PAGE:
Via Kirsten Fleming of the New York Post:

“Brook’s cat is very two-faced,” Robin tells The Post. “Everybody loves Brook’s cat. To everybody’s face, he’s such a nice cat. And it may sound like I’m joking, but I am dead serious. He acts like a lazy, sweet cat when everybody is looking. But when their heads turn, he’ll try to chase after [my cat] Edward. The second I lay eyes on him, he’ll act like, ‘I’m a cherub. I’m innocent.’ I’m not buying it.”

Brook agrees that it would be a bad idea.

“We thought about it,” Brook tells The Post. “But the cats really wouldn’t get along. They just wouldn’t allow it.”

This is an extremely valid reason, even though it’s a disappointing. The Lopez twins are two of the most entertaining people in the NBA, and them living together would have had off-the-charts reality TV potential.

Byron Scott isn’t thinking about next year’s draft

Byron Scott

A month into the season, the Lakers the only team in the Western Conference that can absolutely be written out of any hopes of playoff contention. They’re in an awkward position with the upcoming draft: they still need talent long-term, and they owe their pick to the Sixers if it’s outside of the top three. Not surprisingly, Byron Scott isn’t thinking about it at all.

Via Mark Medina of the Los Angeles Daily News:

With the Lakers fielding the NBA’s second-worst record, how much effort will the franchise put in retaining its top-3 protected draft pick?

“I don’t think about that whatsoever,” Lakers coach Byron Scott said. “I probably won’t until April. That’s something I can’t control.”

The Lakers are in a precarious position. They appear likely bad enough to lose a lot of games. But will they lose enough to land in the top three? Otherwise, the Lakers owe Philadelphia their first-round pick as part of the Steve Nash trade.

“It’s impossible to think about the team, try to get our young guys better, the team better and also thinking about a pick,” Scott said. “That’s six months away and you might not even get it.”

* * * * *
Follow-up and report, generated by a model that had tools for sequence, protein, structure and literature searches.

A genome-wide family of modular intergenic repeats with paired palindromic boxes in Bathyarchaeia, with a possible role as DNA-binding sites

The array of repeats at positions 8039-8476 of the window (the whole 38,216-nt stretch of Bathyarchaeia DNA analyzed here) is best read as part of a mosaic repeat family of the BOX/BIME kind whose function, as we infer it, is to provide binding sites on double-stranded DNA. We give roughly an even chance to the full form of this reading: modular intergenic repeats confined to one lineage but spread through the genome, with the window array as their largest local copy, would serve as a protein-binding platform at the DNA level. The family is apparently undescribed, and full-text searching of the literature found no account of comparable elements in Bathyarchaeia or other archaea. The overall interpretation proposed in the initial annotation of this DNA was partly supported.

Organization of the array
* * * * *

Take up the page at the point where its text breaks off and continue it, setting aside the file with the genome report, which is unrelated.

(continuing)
Given Scott’s mentality, it’s not at all surprising that he isn’t thinking about the draft. But with his insistence on playing Kobe Bryant and Lou Williams more crunch-time minutes on this dismal Lakers team than D'Angelo Russell and Jordan Clarkson, it’s pretty laughable that he talks about wanting to develop their young players.

Scott may not be thinking about the draft, but with the position the franchise is in and the likelihood that they lose their pick, he should be.

Report: Jahlil Okafor stopped for driving 108 MPH three weeks ago

Jahlil Okafor, Derrick Favors

Jahlil Okafor‘s first month in the NBA has been eventful for all the wrong reasons. Early Thanksgiving morning, he was caught on video getting into a fight with a heckler in Boston. Then, a report surfaced of another altercation from October, in which Okafor apparently had a gun pulled on him. Now, Keith Pompey of the Philadelphia Inquirer reports that Okafor was recently pulled over in Philadelphia for driving 108 miles per hour:

Four sources independently confirmed to The Inquirer the 76ers center was pulled over on the Ben Franklin Bridge around three weeks ago for 108 miles per hour. Anything over 40 m.p.h. is considered reckless driving.

108 miles per hour in a 40-mile zone isn’t a minor speeding infraction—it’s incredibly dangerous. It might be possible to write off any of these incidents by themselves—particularly the one where he had a gun pulled on him, which doesn’t seem to have been his fault at all. But together, the Boston incident and this speeding report aren’t a good look at all for Okafor. He’s had a solid start to the year for the Sixers, but off the court has been another story.

Harrison Barnes could be out “a few weeks” with ankle injury

Harrison Barnes
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The Warriors’ Friday night 135-116 win over the Suns was bittersweet: Harrison Barnes suffered a sprained left ankle in the third quarter and left for the remainder of the game. He missed Saturday night’s blowout win over the Kings as well, which extended the Warriors’ best-ever start to the season to 18-0.

Warriors interim head coach Luke Walton didn’t have an answer for how long Barnes will be out, but he said it could be a few weeks.

Via’s Ethan Sherwood Strauss:

“He’s being evaluated [Saturday]. We haven’t gotten the results back yet,” interim head coach Luke Walton told reporters before Saturday’s game. “It’s all speculation. It could be a few weeks. It could be a week.

“We’re not going to rush him back because we want to be healthy for later in the season and we don’t want lingering injures, so we’ll have him take his time.”

Losing a starter is never good news, but the silver lining for the Warriors is that they have enough depth and enough of a cushion to be able to take their time and not rush Barnes back. Saturday night, Walton opted to keep Andre Iguodala in his usual sixth-man role and instead start the little-used Brandon Rush in Barnes’ place. Rush responded with a 16-point performance, shooting 4-of-5 from the three-point line. If they can keep getting that kind of production out of their reserves, the Warriors will be able to withstand the loss of Barnes just fine.